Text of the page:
can compare during the process of downloading the program. Adobe also created
not two, but three different versions of Acrobat 6: Professional, Standard,
and Elements. In order to compare the different features of these products,
Adobe provides an Acrobat family features matrix page on their Web site. Go
to the following page on Adobe's Web site to view this important information:

Benefits of Using PDF Files

The most important benefit derived from the use of PDF files is that anyone
whose computer is equipped with Adobe Reader can open, read, and print
them. This essentially enables you to concentrate on the software tools that
you have at hand and feel are best suited for producing the document without
having to worry about whether or not your client or coworker has the
same software available to them. As you'll soon see, this is only one of the
many important uses to which you can put your PDF files with Acrobat 6.
Keep in mind that the availability of many features described in the following
sections depend on which version of Adobe Reader or Acrobat 6 you are
using. For that reason, it's a good idea to go to the Acrobat family features
page described in the previous section to familiarize yourself with all of
Adobe's new Acrobat products.

What you designed is what they see

Because you are assured that your PDF files will essentially appear on-screen
and print as you originally designed them, no matter the computer on which
they're opened or the printing device to which they're output, you don't have
to hold back on your design, avoiding the use of certain more decorative
fonts and/or complex layouts. Figures 1-1 and 1-2 illustrate this situation. In
Figure 1-1, you see a PDF file as it appears when opened with Adobe Reader
on a computer running Windows. Figure 1-2 shows the same PDF file as it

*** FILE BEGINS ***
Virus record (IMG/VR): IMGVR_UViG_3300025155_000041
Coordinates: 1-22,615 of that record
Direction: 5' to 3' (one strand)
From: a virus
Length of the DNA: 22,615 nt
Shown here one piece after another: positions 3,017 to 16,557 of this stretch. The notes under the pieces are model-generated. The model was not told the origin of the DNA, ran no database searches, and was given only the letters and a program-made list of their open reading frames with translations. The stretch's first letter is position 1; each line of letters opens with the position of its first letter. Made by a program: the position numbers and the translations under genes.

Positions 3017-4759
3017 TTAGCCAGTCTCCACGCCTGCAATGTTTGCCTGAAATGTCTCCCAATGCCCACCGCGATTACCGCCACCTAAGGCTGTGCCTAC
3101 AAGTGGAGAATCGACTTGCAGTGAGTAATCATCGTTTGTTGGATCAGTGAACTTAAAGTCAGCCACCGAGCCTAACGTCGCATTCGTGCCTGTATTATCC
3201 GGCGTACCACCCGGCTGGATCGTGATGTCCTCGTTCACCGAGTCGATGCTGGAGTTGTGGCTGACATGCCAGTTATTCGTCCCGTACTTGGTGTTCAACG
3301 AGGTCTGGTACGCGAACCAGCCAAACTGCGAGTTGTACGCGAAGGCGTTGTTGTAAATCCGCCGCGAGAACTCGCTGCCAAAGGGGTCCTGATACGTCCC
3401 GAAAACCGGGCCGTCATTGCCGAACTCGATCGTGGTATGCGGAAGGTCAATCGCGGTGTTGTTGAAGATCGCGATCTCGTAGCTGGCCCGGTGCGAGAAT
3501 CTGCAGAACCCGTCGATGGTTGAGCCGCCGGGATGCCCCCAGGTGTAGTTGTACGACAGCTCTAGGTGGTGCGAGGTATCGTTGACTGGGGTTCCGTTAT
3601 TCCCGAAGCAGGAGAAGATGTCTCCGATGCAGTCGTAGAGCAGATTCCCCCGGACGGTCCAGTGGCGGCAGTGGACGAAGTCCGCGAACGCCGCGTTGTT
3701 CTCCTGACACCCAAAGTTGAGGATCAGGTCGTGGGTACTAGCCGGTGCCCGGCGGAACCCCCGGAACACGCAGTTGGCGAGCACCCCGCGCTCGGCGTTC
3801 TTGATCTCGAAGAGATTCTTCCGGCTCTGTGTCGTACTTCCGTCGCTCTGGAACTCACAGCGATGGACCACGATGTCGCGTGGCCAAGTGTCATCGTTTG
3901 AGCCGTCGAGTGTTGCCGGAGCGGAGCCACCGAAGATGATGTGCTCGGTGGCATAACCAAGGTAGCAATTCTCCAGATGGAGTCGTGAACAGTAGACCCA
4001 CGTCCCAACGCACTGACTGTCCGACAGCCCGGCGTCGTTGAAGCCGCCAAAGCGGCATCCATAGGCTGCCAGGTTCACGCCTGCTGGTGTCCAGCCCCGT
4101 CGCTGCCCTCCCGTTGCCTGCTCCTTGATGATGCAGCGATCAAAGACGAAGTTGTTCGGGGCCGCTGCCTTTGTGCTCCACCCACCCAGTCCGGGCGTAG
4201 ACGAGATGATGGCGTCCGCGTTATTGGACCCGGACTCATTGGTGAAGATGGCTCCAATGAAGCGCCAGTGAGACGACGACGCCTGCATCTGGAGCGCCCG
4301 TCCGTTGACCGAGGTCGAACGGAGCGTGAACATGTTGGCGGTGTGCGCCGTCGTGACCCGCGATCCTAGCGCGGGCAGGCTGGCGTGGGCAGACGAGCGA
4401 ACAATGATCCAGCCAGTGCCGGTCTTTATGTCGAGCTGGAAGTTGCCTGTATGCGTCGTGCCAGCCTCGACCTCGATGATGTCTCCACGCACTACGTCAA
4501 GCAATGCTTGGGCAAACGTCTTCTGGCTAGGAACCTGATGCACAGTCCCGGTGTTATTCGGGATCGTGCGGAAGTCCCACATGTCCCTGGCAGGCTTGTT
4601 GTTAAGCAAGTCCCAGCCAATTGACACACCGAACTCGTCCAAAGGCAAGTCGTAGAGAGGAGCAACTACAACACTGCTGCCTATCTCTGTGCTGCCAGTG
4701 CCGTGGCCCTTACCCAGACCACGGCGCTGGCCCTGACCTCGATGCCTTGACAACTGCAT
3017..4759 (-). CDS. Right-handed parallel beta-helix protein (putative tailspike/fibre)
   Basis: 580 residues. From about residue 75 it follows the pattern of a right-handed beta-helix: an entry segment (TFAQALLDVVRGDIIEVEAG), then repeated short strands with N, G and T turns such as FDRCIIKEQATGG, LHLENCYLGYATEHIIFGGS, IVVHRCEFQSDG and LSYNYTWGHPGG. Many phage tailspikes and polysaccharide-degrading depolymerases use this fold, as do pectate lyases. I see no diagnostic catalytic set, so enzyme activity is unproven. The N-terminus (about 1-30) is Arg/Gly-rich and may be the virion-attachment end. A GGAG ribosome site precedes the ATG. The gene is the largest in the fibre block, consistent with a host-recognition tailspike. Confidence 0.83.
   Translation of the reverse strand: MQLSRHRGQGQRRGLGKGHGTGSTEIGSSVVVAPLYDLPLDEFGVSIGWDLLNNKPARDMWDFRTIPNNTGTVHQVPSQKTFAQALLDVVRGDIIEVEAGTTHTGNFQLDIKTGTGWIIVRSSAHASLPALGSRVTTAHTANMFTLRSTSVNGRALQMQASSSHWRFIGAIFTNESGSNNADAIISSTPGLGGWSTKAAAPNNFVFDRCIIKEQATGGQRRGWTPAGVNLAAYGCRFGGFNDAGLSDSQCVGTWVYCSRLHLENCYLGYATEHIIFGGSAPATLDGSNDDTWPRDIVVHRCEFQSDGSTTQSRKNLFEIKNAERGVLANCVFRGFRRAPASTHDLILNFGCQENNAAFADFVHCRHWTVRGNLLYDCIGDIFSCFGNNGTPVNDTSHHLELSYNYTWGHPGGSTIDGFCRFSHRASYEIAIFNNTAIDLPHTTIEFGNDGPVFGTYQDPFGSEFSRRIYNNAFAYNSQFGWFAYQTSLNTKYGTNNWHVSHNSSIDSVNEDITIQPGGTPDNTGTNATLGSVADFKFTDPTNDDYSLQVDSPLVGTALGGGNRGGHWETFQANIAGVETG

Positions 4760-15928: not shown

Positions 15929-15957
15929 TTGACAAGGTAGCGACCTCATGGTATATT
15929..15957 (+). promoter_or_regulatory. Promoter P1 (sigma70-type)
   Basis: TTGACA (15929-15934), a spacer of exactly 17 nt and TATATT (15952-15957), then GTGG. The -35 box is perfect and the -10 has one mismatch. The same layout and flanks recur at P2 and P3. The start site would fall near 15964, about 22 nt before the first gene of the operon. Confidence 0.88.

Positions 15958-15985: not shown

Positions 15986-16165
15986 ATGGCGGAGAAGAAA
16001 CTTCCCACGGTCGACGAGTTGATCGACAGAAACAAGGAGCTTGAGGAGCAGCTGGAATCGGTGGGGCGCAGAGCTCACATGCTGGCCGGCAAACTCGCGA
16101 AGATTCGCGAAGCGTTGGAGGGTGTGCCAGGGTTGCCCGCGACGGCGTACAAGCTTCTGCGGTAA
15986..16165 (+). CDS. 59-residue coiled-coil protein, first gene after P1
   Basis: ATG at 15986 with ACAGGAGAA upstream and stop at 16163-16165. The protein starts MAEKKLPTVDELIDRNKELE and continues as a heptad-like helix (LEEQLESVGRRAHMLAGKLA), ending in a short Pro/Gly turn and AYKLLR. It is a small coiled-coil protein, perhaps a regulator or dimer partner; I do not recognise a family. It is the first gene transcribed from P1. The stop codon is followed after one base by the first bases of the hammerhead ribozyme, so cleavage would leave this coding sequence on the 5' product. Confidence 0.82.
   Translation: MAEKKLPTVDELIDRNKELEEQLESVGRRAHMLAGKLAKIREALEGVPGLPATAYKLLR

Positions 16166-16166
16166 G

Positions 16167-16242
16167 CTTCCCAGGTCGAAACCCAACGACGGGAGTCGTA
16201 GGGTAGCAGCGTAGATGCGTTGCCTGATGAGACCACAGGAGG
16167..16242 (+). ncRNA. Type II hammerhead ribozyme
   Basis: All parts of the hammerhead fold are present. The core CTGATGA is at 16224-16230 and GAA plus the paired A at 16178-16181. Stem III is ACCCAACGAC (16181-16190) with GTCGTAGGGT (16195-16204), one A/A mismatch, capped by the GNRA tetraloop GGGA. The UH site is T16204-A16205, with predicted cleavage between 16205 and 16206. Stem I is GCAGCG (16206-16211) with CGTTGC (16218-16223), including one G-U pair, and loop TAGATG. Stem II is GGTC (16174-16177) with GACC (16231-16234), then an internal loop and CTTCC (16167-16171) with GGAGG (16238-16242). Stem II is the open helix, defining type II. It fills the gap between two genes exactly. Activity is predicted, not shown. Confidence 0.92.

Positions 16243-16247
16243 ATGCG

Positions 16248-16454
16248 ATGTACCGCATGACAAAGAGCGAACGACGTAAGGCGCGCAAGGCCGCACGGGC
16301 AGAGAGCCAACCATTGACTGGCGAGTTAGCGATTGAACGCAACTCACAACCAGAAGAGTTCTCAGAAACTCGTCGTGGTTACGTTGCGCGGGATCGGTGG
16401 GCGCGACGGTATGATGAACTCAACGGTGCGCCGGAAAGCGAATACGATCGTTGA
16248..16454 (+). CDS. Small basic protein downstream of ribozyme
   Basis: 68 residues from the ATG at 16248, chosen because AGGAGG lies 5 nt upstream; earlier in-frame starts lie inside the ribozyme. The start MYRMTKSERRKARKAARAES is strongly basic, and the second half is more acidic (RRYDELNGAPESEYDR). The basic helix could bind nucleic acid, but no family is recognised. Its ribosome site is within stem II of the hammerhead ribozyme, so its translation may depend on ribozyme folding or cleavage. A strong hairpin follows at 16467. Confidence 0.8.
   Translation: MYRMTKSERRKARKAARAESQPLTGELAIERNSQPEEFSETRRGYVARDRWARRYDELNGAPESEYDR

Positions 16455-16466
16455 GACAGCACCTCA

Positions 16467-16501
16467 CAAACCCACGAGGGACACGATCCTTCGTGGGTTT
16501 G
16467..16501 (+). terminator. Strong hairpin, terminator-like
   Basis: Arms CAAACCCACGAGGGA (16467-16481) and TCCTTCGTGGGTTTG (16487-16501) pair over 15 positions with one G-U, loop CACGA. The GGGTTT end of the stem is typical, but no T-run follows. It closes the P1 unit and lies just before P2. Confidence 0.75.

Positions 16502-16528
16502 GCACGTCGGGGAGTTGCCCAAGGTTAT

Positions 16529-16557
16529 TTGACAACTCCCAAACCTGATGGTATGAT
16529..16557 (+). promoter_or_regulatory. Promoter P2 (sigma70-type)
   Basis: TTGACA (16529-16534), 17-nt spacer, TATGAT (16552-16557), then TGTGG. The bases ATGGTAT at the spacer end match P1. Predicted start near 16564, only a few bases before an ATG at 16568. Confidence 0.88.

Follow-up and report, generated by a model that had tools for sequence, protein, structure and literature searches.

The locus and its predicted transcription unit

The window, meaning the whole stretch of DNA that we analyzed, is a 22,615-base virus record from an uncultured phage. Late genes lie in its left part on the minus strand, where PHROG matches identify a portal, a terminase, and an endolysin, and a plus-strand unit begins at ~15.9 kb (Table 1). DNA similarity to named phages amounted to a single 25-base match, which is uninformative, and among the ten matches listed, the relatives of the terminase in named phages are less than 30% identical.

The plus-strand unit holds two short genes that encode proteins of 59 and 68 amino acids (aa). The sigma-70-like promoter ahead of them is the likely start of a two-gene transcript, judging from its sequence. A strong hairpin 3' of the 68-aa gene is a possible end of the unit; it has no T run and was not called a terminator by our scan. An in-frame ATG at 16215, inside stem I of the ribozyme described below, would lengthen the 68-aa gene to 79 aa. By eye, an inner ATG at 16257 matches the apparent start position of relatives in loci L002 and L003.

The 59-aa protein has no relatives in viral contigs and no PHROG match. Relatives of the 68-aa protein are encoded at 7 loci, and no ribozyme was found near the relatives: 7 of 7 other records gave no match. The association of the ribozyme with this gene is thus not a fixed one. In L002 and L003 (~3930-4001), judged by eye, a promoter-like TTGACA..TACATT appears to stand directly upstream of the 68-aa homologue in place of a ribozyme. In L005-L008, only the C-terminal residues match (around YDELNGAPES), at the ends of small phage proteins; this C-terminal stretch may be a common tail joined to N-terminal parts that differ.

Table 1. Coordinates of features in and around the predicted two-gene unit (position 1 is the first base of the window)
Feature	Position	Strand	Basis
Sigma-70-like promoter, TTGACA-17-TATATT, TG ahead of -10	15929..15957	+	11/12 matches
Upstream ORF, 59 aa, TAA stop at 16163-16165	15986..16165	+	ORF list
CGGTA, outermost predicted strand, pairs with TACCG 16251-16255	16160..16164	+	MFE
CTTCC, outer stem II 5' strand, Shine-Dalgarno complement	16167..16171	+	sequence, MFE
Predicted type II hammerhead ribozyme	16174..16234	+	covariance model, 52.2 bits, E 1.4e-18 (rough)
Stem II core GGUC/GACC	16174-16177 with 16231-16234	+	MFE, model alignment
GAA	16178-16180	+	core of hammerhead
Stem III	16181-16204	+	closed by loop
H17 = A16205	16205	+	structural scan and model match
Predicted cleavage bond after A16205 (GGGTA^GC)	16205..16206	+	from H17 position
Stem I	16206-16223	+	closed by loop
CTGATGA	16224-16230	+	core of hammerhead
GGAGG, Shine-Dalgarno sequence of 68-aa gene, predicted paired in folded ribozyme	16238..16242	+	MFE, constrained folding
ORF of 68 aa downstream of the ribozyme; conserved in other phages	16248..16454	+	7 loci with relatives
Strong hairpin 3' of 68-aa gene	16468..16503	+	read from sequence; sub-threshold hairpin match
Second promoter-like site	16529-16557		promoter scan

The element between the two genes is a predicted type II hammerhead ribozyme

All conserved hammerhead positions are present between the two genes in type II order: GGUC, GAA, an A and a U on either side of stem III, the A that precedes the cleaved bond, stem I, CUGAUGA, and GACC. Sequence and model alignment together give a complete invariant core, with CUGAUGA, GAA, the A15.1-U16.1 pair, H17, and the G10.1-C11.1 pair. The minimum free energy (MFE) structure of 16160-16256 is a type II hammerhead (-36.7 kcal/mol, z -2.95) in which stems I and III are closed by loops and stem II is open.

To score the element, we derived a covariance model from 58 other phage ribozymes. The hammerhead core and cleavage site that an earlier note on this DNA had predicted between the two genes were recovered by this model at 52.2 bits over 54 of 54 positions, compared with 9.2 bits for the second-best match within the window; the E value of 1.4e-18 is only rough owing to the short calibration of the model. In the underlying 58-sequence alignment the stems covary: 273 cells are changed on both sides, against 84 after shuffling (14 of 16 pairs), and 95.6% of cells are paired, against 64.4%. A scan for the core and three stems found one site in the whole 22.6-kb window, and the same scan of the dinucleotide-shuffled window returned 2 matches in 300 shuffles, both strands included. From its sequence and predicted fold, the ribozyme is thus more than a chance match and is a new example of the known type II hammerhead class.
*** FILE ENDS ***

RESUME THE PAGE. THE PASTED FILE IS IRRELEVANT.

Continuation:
appears when opened on a Macintosh computer. As you can see, they are
both comparable in terms of the appearance of their fonts and their layout.

PDF files in the review cycle

While PDF debuted as a universal file format for viewing and printing documents
on various types of computers and printers, thanks to advances to the
Acrobat software (and here I'm referring to the full-fledged Acrobat program
that you must pay for rather than the freebie Adobe Reader available for
download), you can now make PDF files an integral part of your design review
process. After converting a document to PDF, you can disseminate copies of
it to each of the people from whom you need feedback or approval before
you put it into use. Each of these people can then add their feedback by
adding comments or actually marking up the PDF document in Acrobat 6.

You can then collect their feedback and make the necessary changes either
to the PDF version of the file in Acrobat 6 or to the original document (prior
to PDF conversion) in the program used in its creation. If managers, coworkers,
or clients are required to sign off on the document (either in its original
or revised form), they can indicate their approval by stamping the document
with their approval or by digitally signing off on it, as shown in Figure 1-3.
(See Chapter 9 for details on how to use PDF files in a review cycle and
Chapter 11 for details on how to use digital signatures.)

Providing forms, both paper and electronic

With the widespread reliance on the World Wide Web for getting and submitting
crucial information, PDF files have taken on another important use, that
of providing forms to fill in both online and after printing. Acrobat 6 makes
form creation about as easy as it can be.

If you need to make certain paper forms available on your company's intranet